FOR many of us, a new year brings renewed commitment to our goals. But it’s difficult for a lot of Washingtonians to think about quitting smoking or joining a gym when all they want to do is find a decent job.
As the calendar turns, frustration grows. The want ads are filled with decent, well-paying jobs. But for many people looking for work, the phone just isn’t ringing.
How about making going back to school your New Year’s resolution?
Our state has lots of unemployed people and lots of unfilled jobs. How can this happen?
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The problem is structural unemployment.
Structural unemployment is when the skills — or education — of the workforce don’t meet the needs of the job market. It’s a growing problem in Washington. According to the U.S. Census Bureau, nearly 60 percent of workers in our state lack even an associate degree. But over the next five years, two-thirds of the jobs in Washington will require a college education, according to a Georgetown University study.
All we need is more working adults to get their degree, right? Wouldn’t that mean lower unemployment, a stronger workforce, and a happy new year for Washington’s economy? Like saying no to that second piece of pie at a holiday party, it’s easier said than done.
The problem is tuition costs have quadrupled over the past 30 years, well beyond the rate of inflation. Many people are priced out of an opportunity at a college degree.
Millions are taking out student loans to pay for school. It’s hard enough to pay off a loan for a college graduate. Imagine if “life happens” and a student can’t finish their degree? The money still has to be paid back. According to a Wall Street Journal report, dropouts default on their loans four times more often than grads. That’s yet another massive burden on a nation already submerged in a debt crisis.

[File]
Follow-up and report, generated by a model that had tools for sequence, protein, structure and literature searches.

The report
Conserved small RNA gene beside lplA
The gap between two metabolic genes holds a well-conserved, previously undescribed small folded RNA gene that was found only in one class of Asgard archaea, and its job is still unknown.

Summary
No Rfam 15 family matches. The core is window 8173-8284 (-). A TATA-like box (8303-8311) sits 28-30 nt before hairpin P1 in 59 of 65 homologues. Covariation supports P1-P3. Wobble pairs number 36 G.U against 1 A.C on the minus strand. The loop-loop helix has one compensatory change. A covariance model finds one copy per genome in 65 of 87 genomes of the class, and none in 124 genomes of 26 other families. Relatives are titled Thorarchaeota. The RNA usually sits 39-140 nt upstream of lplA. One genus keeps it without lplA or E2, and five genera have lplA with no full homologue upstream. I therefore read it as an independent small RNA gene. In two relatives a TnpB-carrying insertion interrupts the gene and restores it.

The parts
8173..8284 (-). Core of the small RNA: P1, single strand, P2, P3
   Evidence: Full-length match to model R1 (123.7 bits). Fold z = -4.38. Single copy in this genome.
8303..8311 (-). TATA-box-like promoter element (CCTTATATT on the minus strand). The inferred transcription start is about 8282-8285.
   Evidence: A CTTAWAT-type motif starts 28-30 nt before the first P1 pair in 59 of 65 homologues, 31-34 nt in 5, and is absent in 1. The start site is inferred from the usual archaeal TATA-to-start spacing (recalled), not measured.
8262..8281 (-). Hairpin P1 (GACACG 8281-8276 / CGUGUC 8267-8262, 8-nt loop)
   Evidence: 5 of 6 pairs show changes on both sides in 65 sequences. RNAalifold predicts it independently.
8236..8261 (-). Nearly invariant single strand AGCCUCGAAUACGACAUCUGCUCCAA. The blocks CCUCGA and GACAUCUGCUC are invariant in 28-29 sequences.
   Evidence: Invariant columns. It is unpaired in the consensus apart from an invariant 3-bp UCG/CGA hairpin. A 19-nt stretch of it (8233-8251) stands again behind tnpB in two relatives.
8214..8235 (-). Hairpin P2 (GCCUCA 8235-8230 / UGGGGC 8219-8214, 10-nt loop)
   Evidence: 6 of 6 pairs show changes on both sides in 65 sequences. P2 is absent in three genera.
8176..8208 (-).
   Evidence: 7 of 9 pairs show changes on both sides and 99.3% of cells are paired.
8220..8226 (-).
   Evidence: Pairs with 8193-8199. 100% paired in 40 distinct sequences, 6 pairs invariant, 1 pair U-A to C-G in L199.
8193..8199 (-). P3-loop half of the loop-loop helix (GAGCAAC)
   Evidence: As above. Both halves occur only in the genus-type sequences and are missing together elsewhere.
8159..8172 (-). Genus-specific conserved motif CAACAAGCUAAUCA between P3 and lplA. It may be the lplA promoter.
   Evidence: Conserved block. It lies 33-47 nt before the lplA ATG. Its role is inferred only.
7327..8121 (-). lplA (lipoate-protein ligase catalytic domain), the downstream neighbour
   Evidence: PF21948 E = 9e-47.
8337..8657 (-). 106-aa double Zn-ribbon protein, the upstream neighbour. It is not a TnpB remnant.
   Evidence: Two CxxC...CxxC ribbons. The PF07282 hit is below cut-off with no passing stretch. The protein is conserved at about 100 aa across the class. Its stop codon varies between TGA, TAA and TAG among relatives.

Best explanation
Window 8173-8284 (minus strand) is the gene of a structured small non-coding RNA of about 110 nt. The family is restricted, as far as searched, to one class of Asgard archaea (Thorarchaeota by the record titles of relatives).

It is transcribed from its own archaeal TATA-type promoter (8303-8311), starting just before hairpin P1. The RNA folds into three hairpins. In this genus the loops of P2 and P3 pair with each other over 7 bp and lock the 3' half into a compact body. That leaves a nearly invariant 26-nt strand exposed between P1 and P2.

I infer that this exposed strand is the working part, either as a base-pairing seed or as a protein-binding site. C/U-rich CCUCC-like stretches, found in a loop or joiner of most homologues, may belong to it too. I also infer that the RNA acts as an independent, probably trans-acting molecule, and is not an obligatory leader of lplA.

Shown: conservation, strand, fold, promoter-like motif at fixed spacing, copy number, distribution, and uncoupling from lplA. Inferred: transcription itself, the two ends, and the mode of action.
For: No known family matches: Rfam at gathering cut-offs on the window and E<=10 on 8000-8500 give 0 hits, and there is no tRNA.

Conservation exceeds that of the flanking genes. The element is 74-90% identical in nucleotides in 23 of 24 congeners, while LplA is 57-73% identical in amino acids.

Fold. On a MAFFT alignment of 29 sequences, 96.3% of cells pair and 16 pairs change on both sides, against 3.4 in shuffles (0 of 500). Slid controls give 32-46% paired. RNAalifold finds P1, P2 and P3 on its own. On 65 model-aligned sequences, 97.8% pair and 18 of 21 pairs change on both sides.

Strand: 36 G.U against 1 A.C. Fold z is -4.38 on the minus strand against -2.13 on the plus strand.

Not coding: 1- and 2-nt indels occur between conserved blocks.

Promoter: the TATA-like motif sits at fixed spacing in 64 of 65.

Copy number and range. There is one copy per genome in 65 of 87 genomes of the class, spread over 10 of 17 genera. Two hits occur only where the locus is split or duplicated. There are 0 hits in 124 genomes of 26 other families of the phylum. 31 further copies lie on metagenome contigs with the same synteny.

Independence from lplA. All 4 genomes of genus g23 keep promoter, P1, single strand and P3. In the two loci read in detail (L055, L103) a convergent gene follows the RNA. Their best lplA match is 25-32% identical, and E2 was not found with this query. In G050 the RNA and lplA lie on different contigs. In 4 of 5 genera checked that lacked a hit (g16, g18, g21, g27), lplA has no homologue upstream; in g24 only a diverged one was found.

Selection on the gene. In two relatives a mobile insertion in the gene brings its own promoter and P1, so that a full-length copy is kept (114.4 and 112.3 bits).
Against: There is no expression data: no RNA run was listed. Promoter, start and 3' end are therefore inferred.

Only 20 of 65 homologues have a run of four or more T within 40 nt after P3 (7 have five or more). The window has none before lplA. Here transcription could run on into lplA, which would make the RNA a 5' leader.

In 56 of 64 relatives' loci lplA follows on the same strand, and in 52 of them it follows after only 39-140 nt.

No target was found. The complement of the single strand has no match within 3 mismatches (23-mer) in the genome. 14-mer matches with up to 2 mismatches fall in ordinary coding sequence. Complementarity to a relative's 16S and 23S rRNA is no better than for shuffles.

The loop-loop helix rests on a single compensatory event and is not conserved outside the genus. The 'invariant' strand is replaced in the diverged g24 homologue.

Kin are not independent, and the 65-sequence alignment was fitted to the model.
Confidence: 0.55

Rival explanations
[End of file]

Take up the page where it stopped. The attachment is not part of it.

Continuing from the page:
Education clearly equals more jobs and bigger paychecks, but who can afford a college education today?
The answer: you.
Working adults in our state have a cost-effective solution to the structural unemployment dilemma — our community and technical colleges, as well as WGU Washington, a division of Western Governors University.
At the state’s 34 community and technical colleges, the cost of an associate degree is only about $4,000 a year. A student can choose from numerous fields of study in high-job-growth areas. The average graduate, over his or her entire career, earns close to half a million dollars more than a person with only a high-school diploma.
For working adults wishing to go further than a community or technical college, they can earn a bachelor’s or master’s degree at WGU Washington, the state’s only nonprofit and state-endorsed all-online university. With tuitions skyrocketing at four-year institutions, WGU Washington hasn’t increased tuition since 2008. For approximately $6,000 a year, the university offers some of the most reasonably priced, accredited degrees in the state. Besides affordability, an online program offers working adults flexibility.
My advice: Arm yourself with the knowledge to succeed. According the Bureau of Labor Statistics, we will change jobs more than 11 times during our lives, whether we want to or not. We must be ready to meet the demands of the ever-changing job market.
I went back to school as an adult — twice. Maybe 2013 will be the year you resolve to head back to school, too.
Bob Rosner is an author, journalist and founder of Workplace911.